Norman Oliver has shifted from basketball and politics to entrepreneurship. His new development of housing for low-income buyers may seal his reputation as someone who just wants to do good.
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Meanwhile, Oliver held a series of government-related jobs. Today his many political and community contacts are valuable assets as he pursues his varied enterprises, both nonprofit and for-profit.
His Sunday night TV show, which he had co-hosted with Rep. Hazel Plant for seven years, until she passed in November, serves as Oliver’s bully pulpit to the black community. He interviews politicians and community leaders, urges viewers to vote, and touts his favorites, usually Democrats. His efforts on Plant’s behalf in the September Democratic primary failed. He also supported incumbent State Treasurer Velda Jones-Potter, who lost to Chip Flowers.
Those defeated candidates give some credence to observers who say Oliver has lost influence in the black community. But Oliver’s many supporters—some of the state’s leading movers and shakers among them—point to all the good he has done, and to the fact that he has never been convicted of any wrongdoing, or even formally charged.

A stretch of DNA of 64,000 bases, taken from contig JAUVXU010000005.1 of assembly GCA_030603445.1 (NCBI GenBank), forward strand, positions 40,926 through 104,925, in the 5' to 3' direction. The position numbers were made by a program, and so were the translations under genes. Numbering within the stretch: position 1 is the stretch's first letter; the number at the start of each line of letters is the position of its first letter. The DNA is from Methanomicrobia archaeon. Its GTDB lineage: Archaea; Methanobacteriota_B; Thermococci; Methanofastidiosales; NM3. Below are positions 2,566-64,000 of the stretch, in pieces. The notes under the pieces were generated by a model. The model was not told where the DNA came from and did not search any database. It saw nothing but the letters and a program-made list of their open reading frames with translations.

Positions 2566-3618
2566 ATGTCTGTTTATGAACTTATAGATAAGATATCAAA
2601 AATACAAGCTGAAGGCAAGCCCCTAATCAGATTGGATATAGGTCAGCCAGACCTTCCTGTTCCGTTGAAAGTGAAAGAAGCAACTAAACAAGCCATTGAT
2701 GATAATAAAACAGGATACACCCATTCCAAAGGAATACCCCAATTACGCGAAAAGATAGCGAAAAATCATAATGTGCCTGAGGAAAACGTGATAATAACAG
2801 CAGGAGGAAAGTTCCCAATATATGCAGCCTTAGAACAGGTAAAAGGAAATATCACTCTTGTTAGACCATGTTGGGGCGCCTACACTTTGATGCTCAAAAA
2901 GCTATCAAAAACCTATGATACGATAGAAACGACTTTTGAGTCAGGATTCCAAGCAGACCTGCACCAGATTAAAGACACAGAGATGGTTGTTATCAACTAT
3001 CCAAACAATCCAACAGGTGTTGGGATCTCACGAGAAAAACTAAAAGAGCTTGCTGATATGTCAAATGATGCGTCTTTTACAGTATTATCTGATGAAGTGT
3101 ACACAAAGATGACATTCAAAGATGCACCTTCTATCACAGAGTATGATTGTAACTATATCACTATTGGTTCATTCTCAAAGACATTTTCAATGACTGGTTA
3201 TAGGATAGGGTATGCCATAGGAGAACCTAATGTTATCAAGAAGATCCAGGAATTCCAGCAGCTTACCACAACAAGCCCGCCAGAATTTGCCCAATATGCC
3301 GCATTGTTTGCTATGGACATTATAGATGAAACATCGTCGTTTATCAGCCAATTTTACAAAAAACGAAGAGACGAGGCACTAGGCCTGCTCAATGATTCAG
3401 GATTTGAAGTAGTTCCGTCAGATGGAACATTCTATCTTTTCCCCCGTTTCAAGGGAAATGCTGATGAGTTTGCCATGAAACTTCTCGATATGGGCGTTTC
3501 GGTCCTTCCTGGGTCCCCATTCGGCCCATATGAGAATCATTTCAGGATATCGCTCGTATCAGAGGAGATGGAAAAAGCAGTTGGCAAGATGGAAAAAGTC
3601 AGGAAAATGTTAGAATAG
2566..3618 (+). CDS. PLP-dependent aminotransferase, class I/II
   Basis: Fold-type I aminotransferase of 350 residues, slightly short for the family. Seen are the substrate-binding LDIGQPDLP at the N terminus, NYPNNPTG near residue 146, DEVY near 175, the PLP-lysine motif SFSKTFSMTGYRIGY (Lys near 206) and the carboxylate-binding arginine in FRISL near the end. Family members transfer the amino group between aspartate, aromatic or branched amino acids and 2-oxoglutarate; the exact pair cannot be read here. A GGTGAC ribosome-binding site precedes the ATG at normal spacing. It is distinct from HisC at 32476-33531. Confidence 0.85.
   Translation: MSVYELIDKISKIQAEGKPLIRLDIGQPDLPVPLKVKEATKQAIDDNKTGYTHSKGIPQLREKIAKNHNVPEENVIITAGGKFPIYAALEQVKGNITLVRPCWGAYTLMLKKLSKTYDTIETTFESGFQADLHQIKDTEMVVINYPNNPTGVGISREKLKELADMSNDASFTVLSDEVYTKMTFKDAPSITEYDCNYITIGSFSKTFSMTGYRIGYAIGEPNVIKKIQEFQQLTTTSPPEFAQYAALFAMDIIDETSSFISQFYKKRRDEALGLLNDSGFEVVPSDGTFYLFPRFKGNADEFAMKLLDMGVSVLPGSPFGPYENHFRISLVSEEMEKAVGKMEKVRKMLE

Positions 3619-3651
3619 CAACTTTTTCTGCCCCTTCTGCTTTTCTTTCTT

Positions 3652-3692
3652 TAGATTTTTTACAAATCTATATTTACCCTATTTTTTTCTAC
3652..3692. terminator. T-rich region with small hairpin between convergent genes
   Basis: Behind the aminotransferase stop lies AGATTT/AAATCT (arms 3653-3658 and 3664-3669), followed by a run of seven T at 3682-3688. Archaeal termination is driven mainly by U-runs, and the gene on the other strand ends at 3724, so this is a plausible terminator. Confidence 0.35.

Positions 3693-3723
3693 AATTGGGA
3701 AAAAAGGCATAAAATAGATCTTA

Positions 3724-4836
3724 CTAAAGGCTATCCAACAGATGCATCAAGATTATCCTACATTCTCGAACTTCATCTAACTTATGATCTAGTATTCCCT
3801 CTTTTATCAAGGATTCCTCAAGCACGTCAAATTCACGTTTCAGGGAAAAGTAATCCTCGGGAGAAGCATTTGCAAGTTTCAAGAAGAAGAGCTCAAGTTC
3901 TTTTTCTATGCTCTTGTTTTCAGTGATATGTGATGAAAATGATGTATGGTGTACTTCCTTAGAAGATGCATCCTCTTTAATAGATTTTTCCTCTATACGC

Admitting he once aspired to be “mayor, lieutenant governor, even governor,” Oliver now seems committed to his businesses, especially Rock Solid. “I think that’s going to be my calling.” Admitting that he has little expertise in building, he points out that he has “a lot of experience in networking and building teams.”
“I understand my limitations and my strengths,” he adds.
Such self-awareness helped bring Norman Oliver to this point in his life’s journey, a point where he has the power to name affordable, quality housing after his mother, and where he can do good while doing well. “I’ve been on welfare,” he says, “and now I’m a member of the University and Whist Club.”
Not bad for a kid from Southbridge.